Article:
Multifamily companies are using more and more technology, and it’s touching more and more areas of property operations. Most of the time it improves experiences and makes things more efficient. We tend to think about its impact on operations, costs, performance and customer experience. But as with most things, there can be unintended consequences.
As technology proliferates, the cost of technology increases too. In this article, I will focus on one cost in particular: the administrative overhead associated with decision-making. It appears to be growing in many multifamily companies, and it is becoming harder to control. As I will explain, there are important implications for both operators and vendors.
A Couple of Data Points
Over the last few years, the annual 20 for 20 survey has acted as a temperature check on the industry. Each year I interview 20 COOs and heads of IT to understand their priorities in operations and technology. It’s provided an opportunity to see what’s changing in the industry. And over the last few years, it has provided a couple of interesting data points about the cost of innovation.
Two years ago, almost all respondents had reported having formalized a corporate process for innovation. It seemed to be a consequence of the increase in VC dollars finding their way into multifamily technology. More investment meant more technology to understand and more evaluations to do. The industry’s traditional technology gatekeepers sounded overloaded with keeping track of the expanding technology stack.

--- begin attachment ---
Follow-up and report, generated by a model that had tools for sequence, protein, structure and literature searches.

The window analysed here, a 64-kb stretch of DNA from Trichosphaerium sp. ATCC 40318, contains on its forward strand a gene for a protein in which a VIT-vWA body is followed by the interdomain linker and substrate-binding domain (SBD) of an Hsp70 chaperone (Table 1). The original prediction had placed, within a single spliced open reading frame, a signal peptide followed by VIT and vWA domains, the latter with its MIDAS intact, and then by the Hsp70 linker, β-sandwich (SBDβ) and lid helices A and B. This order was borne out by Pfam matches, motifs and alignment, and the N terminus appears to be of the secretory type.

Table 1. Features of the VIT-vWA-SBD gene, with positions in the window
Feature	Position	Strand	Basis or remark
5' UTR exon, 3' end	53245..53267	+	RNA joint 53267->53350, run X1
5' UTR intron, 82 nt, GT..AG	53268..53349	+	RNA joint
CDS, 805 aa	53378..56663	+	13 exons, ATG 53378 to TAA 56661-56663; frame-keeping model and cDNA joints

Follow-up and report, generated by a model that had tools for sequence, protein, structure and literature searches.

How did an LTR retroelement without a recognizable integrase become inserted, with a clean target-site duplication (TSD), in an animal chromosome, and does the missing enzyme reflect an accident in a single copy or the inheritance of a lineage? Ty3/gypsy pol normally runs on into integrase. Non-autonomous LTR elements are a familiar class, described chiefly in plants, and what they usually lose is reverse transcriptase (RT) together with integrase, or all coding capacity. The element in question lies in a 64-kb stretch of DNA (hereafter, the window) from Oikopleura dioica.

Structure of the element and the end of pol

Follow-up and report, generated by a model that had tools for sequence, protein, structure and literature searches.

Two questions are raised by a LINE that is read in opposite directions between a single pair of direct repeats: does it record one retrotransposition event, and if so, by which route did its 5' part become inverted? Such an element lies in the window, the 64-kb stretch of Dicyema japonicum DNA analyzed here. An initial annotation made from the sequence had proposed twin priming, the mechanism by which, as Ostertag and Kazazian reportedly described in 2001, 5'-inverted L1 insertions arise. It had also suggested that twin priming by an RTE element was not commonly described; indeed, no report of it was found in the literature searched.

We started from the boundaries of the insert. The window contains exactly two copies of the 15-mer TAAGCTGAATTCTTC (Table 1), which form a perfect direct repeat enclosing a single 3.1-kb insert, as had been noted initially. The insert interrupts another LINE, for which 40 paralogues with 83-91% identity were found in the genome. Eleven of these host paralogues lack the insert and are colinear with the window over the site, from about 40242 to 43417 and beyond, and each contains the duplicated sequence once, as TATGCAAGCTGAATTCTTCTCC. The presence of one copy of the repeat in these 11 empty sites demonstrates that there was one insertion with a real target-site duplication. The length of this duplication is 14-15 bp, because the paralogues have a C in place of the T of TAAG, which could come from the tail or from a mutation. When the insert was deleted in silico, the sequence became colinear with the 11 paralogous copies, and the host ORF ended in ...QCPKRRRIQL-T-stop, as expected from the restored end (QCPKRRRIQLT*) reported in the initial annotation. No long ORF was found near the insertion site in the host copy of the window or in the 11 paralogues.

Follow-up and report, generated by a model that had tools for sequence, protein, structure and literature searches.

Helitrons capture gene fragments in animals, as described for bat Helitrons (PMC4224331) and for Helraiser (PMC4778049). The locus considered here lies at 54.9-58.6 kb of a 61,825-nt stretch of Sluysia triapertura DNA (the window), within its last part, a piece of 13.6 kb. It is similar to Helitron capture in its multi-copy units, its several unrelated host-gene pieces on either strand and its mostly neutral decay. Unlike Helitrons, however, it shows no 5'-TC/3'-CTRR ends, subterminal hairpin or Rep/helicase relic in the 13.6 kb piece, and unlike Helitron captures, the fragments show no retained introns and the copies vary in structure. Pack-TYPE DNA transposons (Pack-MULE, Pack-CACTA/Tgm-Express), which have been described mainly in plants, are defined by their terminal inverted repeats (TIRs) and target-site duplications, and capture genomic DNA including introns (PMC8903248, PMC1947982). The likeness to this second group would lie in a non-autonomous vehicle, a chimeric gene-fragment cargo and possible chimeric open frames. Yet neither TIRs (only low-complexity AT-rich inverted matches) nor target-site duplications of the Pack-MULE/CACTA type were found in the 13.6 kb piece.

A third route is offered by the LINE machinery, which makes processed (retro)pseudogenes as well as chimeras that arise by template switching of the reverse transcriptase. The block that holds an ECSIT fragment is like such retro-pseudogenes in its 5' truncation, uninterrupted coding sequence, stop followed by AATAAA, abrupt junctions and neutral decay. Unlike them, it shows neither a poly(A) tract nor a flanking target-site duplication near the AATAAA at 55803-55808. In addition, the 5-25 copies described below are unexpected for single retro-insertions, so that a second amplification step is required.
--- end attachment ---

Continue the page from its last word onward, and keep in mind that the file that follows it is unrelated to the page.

This year’s report, which came out in February, found something much more specific. While the flow of capital, the pace of innovation, and the scope of technology continue to accelerate, the technology decision processes seem to be changing. In particular, the definition of “technology gatekeepers” appears to be expanding.
What Prioritization Tells Us
In this year’s research, we split the tech stack into four discrete segments: Leasing Tech, Data Analytics, IoT/Connectivity, and Resident FinTech. We asked each of the 20 respondents to rank the four segments in order of priority. The results, which we summarized in the chart, are instructive.
Leasing was unsurprisingly the top priority; after all, it is the area that has changed the most over the last couple of years. Data analytics was highly active as the pandemic forced management teams to virtualize and report on many new metrics. But it is the two lower-priority technology segments that are more surprising.
IoT should be a higher priority than it is, given the high costs and the risk inherent in installing physical equipment into properties. That it sits in third place probably has more to do with decision processes than its actual importance.
Consider the way that companies buy technologies like access control. It’s normal for the traditional technology buyer (the CIO or the CIO) to be heavily involved in deciding which technologies they will support in their companies. But the actual decision to purchase the technology is much more of a property-by-property decision.
So it may start as a decision that looks like a traditional technology selection process, overseen by the traditional technology gatekeepers. But then it changes into something far more like the decision to renovate a property or purchase appliances.